Noting the name Whiteman Air Force Base, former CIA intelligence analyst Ray McGovern in his talk said, “When B2 bombers flew out of here to Afghanistan and Iraq, they weren’t killing people who looked like us (white), but who were what the airmen were taught to call ‘sand niggers’ or ‘towel-heads.’ White-man is killing brown, black, and other men, women, and children who don’t look like us. White-man Air Force Base is a reflection of the American original sin, racism.”

McGovern recalled that President Obama on May 17, 2013, said he wished he could stop drone strikes. “Gimme a break,” said McGovern. “The president could stop the strikes if he had the backbone.” Acknowledging that he was in the Bible Belt, McGovern assailed the silence of the churches about drones. “If the church does not speak out against this wanton slaughter against black and brown people, then the church is the same institution Jesus spoke out against and got killed for doing it.”

McGovern, after being introduced by Brian Terrell, said, “It’s not often I’m introduced by a prophet!” McGovern thanked Terrell for serving six months in a federal prison camp for his 2012 protest at Whiteman AFB—the longest sentence any drone resister has received.

Terrell, a co-coordinator of Voices for Creative Nonviolence, speaking during the rally, asked whether the resisters knew what “Spirit Gate” meant. The name evokes not the third person of the Holy Trinity—the Holy Spirit, not a “higher power,” not a spirit that animates and gives life, nor even the Higgs-Bosson particle. “Spirit Gate” and, even more pointedly, the “Spirit Chapel” that can be seen just inside the gate, are named for the nickname the Air Force gives to the B2 Stealth Bomber nestled at Whiteman AFB. The Air Force calls these weapons of mass destruction “Spirit Stealth Bombers.”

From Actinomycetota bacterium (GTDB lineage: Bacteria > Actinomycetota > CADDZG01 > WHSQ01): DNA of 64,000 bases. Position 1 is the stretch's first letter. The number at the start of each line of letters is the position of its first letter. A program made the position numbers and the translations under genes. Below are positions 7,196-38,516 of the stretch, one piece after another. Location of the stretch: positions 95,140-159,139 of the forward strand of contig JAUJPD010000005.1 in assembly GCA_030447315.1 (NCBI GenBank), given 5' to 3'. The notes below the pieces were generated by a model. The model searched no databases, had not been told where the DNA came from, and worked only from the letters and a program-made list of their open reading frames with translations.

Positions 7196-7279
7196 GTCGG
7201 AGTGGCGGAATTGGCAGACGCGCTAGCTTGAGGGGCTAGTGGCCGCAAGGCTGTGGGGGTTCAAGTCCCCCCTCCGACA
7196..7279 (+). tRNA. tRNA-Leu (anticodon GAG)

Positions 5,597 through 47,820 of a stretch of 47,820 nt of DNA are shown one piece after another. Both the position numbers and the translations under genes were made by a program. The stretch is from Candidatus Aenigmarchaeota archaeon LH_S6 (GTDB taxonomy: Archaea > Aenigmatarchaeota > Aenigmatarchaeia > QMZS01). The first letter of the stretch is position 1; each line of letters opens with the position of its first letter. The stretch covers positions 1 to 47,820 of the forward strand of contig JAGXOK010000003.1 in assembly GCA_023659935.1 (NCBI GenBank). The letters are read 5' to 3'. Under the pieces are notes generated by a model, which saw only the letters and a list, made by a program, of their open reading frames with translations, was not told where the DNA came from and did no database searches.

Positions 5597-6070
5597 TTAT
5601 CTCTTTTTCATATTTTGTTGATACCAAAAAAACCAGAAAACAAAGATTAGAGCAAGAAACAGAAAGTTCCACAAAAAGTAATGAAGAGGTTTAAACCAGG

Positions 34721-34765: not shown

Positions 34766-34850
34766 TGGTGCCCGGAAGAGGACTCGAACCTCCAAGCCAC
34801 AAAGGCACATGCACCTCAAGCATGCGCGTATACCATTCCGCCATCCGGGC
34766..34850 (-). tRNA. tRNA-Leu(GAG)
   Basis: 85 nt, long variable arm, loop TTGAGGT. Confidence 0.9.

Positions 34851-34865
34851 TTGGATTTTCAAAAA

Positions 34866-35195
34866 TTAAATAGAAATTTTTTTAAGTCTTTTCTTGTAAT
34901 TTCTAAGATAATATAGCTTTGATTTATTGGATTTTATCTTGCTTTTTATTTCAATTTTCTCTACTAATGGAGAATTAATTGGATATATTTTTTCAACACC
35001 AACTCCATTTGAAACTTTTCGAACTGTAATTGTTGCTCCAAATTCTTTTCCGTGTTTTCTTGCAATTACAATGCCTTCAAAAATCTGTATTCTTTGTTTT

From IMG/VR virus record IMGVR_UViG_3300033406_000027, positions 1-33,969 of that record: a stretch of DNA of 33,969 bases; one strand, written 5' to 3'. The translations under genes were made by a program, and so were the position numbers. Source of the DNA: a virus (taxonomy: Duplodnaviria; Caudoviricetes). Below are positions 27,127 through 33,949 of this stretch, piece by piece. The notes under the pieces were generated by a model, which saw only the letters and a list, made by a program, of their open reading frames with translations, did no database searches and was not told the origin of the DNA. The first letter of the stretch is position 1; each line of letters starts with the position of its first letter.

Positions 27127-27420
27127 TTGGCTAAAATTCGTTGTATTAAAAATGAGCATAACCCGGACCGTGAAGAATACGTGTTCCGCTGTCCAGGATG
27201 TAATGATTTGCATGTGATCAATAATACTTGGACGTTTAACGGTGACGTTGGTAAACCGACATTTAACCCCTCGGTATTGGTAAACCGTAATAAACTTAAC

“This is the ‘spirit’ that is evoked and worshiped here at Whiteman,” Terrell said. “When we were here for the first Trifecta Resista action in 2012, Whiteman personnel were using Predator drones. Now we have Reaper drones—think Grim Reaper—and they are armed with ‘Hellfire’ missiles. These terms—Spirit, Reaper, Hellfire—are theological terms and, as used here at Whiteman, are shear blasphemy!”

Terrell noted his best times during his six-months imprisonment in North Dakota were spent walking a large circle path outside in the cold, even in minus-40-degree wind chill, times when no one else was out walking, unlike warm days when the path became Grand Central Station. He called his prison time “highly productive” for thinking/praying/planning. He later asked whether any locals had come forward to say they will do civil resistance during the May 30-June 1 Trifecta Resista that will return to Whiteman AFB. The answer: not yet. For info on that resistance weekend, see 

Rally organizer Jeff Stack of Columbia, Mo., head of the Mid-MO Fellowship of Reconciliation, asked protester Jo Ann Witt of Kansas City to say a few words about why she came to the rally. “Because so many innocent civilians have been killed by the drones,” said Witt, moved to tears.

McGovern thanked Witt for her tears, noting they were the humane response to the horror of drone warfare that the U.S. has unleashed.

—By Jane Stoever of PeaceWorks-KC

Join Trifecta Resista May 30-June 1

On tap: Kathy Kelly, Brian Terrell, Medea Benjamin, Col. Ann Wright

Posted March 30, 2014

Carve out some springtime for taking a peace stand. PeaceWorks-KC is holding Trifecta Resista, a three-day gathering with action on three issues, at three places:

--resistance to the imprisonment of whistle-blower Chelsea (formerly Bradley) Manning at Fort Leavenworth in Kansas;

--resistance to nuclear weapons at Bannister Federal Complex in KC, where parts for nuclear weapons were made from 1949 to this year, and where contaminants linger; and